Probiotics are the darling of the supplement industry, with sales well over $36.6 billion annually.  While the quality and the strains of certain probiotic supplements can be confusing, research is very promising that these tiny organisms can help multiple areas of our health.

To understand why they have health benefits, we need to understand a little bit of the biology behind them.  We actually have more bacteria in and on our bodies than we do human cells.  These bacteria form colonies and biofilms, essentially like microscopic cities, complete with roads, highways, methods of communication, and waste management systems.  They are responsible for incredibly important functions in our bodies: They produce enzymes that can break down certain foods and drugs, they protect us from certain toxins from the outside world (like harmful bacterial infections, and viruses), and they help mediate our immune systems.  They even produce certain vitamins in our intestines.


But these bacterial ecosystems require balance.  What you eat can feed certain strains of bacteria, causing them to proliferate to the point that other strains die out.  Antibiotics can wipe out a broad spectrum of bacterial species, killing good along with bad.  Then we leave it to chance which strains survive to repopulate.


And while most of us associate these bacterial populations with our digestive tract, it goes far beyond our large intestine.  Our skin and our eyes each have their own bacterial inhabitants.  Infants are inoculated with bacteria from their mother as they exit the birth canal.  So that babies who are born via c-section have a very different gut biome than those born vaginally.


Bacterial colonies inhabit our entire digestive tract, top to bottom, starting in our mouth.  And the colonies and biofilm in our mouths are wide and varied, depending on the environment.  The bacteria on the inner surface of the cheek will be different than those deep between the gums and the teeth, and those will be different than the bacteria living in the deep grooves of the molar teeth, and those will be different than those around the papillae on the back half of the tongue, and they all will be different depending on the health of the host, and the nutrients available to both the host and the bacteria.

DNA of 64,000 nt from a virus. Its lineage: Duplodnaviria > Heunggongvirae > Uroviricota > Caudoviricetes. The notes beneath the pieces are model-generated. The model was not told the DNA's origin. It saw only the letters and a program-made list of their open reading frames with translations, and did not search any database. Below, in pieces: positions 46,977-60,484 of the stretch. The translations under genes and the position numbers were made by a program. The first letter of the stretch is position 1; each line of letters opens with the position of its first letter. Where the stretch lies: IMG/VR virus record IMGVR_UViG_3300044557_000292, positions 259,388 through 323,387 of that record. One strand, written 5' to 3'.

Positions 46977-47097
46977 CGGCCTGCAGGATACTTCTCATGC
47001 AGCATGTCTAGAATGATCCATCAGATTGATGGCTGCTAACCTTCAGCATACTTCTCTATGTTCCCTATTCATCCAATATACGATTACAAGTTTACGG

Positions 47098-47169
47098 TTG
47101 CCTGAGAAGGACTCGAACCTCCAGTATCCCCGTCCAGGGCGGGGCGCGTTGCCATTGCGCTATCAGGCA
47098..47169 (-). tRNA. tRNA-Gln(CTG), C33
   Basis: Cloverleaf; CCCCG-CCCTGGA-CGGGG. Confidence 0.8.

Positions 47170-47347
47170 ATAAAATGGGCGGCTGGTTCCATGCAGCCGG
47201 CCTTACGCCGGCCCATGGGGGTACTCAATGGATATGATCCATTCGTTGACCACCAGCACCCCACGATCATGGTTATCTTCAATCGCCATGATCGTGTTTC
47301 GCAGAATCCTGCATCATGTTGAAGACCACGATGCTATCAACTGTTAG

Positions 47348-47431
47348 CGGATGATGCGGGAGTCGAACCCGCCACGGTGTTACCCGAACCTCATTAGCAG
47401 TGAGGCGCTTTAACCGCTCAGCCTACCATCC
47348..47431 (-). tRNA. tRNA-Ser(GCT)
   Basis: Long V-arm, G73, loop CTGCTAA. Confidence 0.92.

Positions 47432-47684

So here’s where probiotics can come in.  If you have a high quality probiotic, perfectly encapsulated to survive the acidic environment in the stomach, you can slowly repopulate the small and large intestine with those bacterial strains.  This has been shown to be helpful in bowel irritation caused by irritable bowel syndrome (IBS) and Crohn’s.  Probiotics can help people prevent colds and other illnesses, and can help treat H. pylori infections that cause stomach ulcers, and C. difficile infections so rampant in hospitals and nursing homes.  Probiotics have been shown to be helpful in treating and preventing vaginal yeast infections, urinary tract infections, and even eczema in children.


In the oral cavity, we use a combination of three bacterial strains that are typically present in healthy mouths, Streptococcus oralis, S. uberis, and S. rattus.  But instead of being encapsulated to survive the harsh environment of the stomach, these come in tablet form.  So the freeze-dried bacteria become activated as soon as they touch saliva.  These bacteria adhere to the teeth and gums, leaving far less room for the bacteria that cause cavities and gum disease.  As a side effect, they also weed out many of the bacteria that produce sulfur, thereby improving your breath.  And for two of these probiotic strains, their by-product is hydrogen peroxide.  So the low-level release of hydrogen peroxide over time will actually whiten your teeth as well.


Contact us or your natural healthcare provider for guidance on the most beneficial probiotics for you.  But most importantly, get more of these bugs in your system to improve your health overall.